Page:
Author Michael Martineck on being nominated for Alberta Reader’s Choice award
I started writing stories when I was seven. You’d think I’d be better at it by now. It’s not from lack of trying. Over the years, I’ve put out short stories, comic book scripts, articles and trio of novels. I’ve put countless other ventures in the drawer. The drawer is in my house on Grand Island, NY., a little cap of clay nestled between the US and Canada. This is also the location of my Ego Retention Program, whereby my beautiful wife and two lovely children continuously call out my various shortcomings, keeping me from becoming the screaming, self-centered artist I long to be. DC Comics published a couple of stories in the early 90s. Planetmag, Aphelion and a couple of other long-dead e-zines helped me out in 00s, along with The Misspellers and The Wrong Channel. Cinco de Mayo is now out from EDGE Science Fiction and Fantasy. Very exciting, you know, for me.
I had this little idea – what would happen if two people had complete access to each other’s memories? Short-term, long-term, even muscle memory. Then I started writing and the idea kept doubling – uncontrollably, like I’d put way to much soap in the washing machine – leaving me with a novel that spanned the globe. That novel’s been nominated for the Alberta Readers’ Choice Award, I very happy to write. (Even if you’re not from Alberta you can vote for it here albertareaderschoice.ca.)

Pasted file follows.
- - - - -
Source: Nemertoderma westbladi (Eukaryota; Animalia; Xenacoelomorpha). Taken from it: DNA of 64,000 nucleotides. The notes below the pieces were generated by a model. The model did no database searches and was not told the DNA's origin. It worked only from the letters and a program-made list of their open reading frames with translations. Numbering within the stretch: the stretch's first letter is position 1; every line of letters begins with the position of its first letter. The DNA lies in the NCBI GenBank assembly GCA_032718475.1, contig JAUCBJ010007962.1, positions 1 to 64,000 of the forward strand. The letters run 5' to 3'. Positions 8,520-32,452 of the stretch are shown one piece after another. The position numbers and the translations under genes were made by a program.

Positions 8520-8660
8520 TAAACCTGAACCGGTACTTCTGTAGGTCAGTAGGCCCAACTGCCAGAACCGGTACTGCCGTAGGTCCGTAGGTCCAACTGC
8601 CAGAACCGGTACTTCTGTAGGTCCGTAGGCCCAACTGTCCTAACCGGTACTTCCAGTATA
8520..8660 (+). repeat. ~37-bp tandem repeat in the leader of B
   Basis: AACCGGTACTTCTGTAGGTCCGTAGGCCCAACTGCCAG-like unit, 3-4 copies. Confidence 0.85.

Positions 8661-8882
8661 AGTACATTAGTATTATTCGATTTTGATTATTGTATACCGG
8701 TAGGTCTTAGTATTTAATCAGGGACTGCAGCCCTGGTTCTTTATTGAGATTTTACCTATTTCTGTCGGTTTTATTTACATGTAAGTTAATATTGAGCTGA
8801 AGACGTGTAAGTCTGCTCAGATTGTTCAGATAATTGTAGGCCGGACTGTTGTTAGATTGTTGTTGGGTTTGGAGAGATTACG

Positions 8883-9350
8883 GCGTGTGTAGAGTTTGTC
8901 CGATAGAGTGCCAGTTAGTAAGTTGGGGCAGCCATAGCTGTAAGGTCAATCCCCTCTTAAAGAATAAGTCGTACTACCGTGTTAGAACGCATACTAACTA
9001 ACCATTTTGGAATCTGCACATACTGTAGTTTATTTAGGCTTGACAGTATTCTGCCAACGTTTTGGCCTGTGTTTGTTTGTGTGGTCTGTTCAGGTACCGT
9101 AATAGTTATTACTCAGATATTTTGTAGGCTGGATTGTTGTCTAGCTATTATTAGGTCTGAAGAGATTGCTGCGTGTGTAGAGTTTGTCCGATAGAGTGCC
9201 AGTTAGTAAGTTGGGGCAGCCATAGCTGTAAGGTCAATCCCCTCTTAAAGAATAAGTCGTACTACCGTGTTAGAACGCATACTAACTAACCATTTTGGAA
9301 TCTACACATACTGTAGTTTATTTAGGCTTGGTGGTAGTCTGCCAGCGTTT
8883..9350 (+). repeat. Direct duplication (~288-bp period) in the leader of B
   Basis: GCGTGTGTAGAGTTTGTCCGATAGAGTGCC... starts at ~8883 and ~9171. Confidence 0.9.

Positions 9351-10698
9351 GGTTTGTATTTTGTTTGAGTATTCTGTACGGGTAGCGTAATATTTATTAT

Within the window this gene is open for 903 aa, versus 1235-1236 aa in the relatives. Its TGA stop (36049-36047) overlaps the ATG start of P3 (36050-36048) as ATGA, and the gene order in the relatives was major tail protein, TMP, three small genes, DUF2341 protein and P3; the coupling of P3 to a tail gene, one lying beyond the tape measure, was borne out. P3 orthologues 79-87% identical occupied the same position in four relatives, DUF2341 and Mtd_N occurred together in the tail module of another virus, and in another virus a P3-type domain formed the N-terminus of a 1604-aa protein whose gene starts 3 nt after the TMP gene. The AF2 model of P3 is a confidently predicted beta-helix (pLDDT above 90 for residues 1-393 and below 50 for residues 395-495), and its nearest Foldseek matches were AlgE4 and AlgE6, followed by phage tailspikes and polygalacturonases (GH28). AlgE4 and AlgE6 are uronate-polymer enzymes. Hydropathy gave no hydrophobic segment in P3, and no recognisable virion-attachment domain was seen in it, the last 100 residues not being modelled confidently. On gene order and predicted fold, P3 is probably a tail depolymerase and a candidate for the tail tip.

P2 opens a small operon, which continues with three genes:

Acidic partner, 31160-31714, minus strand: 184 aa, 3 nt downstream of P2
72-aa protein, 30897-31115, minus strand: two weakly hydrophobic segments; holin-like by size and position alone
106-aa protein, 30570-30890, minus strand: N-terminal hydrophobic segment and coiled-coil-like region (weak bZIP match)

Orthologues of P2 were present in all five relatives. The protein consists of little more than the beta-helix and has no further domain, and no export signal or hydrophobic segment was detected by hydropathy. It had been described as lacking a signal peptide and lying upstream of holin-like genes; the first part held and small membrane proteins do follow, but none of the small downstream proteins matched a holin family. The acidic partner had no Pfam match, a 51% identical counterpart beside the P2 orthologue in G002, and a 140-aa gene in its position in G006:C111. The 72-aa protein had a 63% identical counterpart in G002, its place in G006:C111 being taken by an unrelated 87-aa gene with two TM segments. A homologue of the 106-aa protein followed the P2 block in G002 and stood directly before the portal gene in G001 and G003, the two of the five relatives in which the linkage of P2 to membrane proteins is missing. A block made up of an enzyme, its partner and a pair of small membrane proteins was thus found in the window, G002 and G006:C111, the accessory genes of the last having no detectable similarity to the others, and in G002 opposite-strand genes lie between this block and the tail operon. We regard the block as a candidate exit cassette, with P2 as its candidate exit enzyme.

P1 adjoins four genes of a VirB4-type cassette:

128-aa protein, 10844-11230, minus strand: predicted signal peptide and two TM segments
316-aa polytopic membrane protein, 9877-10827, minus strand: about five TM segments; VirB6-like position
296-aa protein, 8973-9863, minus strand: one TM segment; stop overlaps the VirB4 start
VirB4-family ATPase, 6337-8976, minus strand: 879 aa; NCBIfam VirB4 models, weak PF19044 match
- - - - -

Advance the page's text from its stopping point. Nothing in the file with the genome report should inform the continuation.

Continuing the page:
It goes like this: In (and on) Cinco de Mayo, everyone one in the world is paired with someone else. They each receive a full dose of the other’s memories. The novel follows different pairs as they try to sort through the experience, deal with extreme intimacy or stay alive, because they’ve learned too much.
“What was he or she thinking?” drives all of the stories. I think literature is at its best when it’s sewing us all together. Showing us how similar we all are, despite our apparent differences. This means diving into all kinds of minds – a killer, an abusive husband, the wife who tolerates it, a playboy, an ad executive, a neurologist.
Because of the scope, the novel’s hard to classify. A bit science fiction, a slant towards the paranormal, with the pace of a thriller – the book wasn’t written with a particular category in mind. The characters took control and led their stories. I started with common people in an uncommon situation and wrote down what happened. The upside is a book that is broad. No novel can be all things to all people, but this one . . .
It’s a special book. Give it a try. I promise you won’t be saying, “What was he thinking?”